What began in 1992 as an experiment to provide California parents and students with expanded school choices, has grown into a significant public school segment. California's charter schools now educate more than 250,000 of the state's students and they have a prominent place in discussions among policymakers and educators about how to improve the nation's public schools.
As pressure for improved student achievement
continues to mount, charter schools remain a high profile and sometimes
promising reform strategy. Less clear is to what extent—and
under what conditions—these public schools successfully balance the
goals of innovation and high educational standards.
This special EdSource publication looks at the performance of California charter schools and explores policy issues as well. Articles include:
- Focus on Quality: The challenges of defining, developing, and duplicating successful charter schools. When it comes to the multiple goals that policymakers have set out for charter schools, different segments of the charter school community focus on different goals. This article describes efforts to create definitions and indicators of "quality," which often center around state test scores, and the challenges to increasing the number of high-scoring charter schools.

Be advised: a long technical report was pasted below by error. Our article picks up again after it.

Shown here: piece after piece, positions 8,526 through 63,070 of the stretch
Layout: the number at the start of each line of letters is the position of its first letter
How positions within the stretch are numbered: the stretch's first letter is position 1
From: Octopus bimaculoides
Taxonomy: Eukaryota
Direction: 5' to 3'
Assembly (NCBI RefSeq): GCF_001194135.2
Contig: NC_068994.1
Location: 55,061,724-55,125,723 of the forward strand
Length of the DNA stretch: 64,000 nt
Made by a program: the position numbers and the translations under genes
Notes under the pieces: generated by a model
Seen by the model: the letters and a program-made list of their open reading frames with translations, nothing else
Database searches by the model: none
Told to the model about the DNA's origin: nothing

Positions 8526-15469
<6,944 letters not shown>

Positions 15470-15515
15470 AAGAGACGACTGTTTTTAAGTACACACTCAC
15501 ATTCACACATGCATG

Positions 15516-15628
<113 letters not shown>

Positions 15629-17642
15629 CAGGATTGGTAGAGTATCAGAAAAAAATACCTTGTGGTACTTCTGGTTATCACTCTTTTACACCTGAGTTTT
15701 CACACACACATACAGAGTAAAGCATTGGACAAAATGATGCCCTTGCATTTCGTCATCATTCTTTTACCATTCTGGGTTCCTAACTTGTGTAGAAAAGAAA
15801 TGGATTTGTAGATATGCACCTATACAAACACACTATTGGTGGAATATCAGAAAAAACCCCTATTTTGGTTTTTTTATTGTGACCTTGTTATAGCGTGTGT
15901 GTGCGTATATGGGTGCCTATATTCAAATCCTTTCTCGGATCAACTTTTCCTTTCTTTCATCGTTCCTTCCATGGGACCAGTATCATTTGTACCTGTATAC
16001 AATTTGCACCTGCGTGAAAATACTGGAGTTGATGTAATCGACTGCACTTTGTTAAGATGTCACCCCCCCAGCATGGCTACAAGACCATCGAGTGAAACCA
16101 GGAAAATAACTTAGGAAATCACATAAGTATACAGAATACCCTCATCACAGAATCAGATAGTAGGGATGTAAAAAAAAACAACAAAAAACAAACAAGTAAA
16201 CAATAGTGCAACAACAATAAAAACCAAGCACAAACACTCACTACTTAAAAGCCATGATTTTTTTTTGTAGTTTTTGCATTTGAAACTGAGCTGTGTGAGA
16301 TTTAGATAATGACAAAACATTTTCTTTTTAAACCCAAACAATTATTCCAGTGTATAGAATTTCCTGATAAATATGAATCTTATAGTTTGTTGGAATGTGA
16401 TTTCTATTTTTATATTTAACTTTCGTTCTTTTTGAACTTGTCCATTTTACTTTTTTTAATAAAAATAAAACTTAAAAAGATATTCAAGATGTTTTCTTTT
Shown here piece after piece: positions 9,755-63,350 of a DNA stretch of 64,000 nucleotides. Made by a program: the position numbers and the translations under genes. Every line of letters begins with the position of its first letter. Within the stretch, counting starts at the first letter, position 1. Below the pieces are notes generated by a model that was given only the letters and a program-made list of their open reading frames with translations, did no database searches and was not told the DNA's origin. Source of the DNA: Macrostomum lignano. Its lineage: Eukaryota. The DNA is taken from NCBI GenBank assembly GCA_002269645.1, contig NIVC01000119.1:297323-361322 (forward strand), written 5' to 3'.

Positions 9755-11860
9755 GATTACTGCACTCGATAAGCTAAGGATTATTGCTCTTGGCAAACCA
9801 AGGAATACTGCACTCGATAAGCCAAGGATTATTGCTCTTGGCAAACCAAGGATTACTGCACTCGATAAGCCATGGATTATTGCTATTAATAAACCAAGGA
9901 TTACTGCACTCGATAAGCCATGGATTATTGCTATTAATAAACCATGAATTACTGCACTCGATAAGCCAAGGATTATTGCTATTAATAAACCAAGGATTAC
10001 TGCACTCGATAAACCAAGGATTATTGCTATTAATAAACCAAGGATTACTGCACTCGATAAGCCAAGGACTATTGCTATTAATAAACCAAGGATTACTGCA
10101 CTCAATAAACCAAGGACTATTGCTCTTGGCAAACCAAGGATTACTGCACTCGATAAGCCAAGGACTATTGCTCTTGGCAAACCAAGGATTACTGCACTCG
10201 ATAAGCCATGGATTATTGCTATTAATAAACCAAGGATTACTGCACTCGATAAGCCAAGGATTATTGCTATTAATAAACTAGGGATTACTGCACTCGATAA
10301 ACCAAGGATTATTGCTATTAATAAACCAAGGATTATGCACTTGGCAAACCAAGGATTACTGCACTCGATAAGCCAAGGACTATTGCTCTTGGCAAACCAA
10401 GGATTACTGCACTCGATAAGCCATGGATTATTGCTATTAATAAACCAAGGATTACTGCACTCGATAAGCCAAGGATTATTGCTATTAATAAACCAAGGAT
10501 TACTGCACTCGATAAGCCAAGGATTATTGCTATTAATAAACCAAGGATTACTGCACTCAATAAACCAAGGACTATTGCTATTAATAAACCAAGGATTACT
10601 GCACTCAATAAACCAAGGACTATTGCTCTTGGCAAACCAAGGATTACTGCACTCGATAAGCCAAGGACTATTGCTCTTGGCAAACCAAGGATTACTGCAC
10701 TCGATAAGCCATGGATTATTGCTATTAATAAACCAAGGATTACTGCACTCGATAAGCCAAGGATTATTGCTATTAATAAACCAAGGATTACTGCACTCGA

- Vital Statistics. This article describes the growth in California's charter schools and students, and provides other data about the state's charter movement.
- Performance Update 2009. The first of two articles in this section focuses on Charters vs. Noncharters. Using several student achievement measures, our analysis controls for differences in student characteristics in comparing charter high schools, middle schools, and elementary schools with their noncharter counterparts. Spotlight on CMOs: Defining and analyzing charter management organizations (CMO) describes the lack of consensus on the definition of a CMO and analyzes test scores using both broad and narrow definitions of these organizations.
- Washington Signals Support. We look at the proposals that the Obama administration has put forward aimed at both expanding the number of charter schools and ensuring that they are, in fact, delivering high-quality education. Federal funding increases for charters are also of note.
EdSource thanks Reed Hastings for his support of our independent study and reporting on California's charter school movement.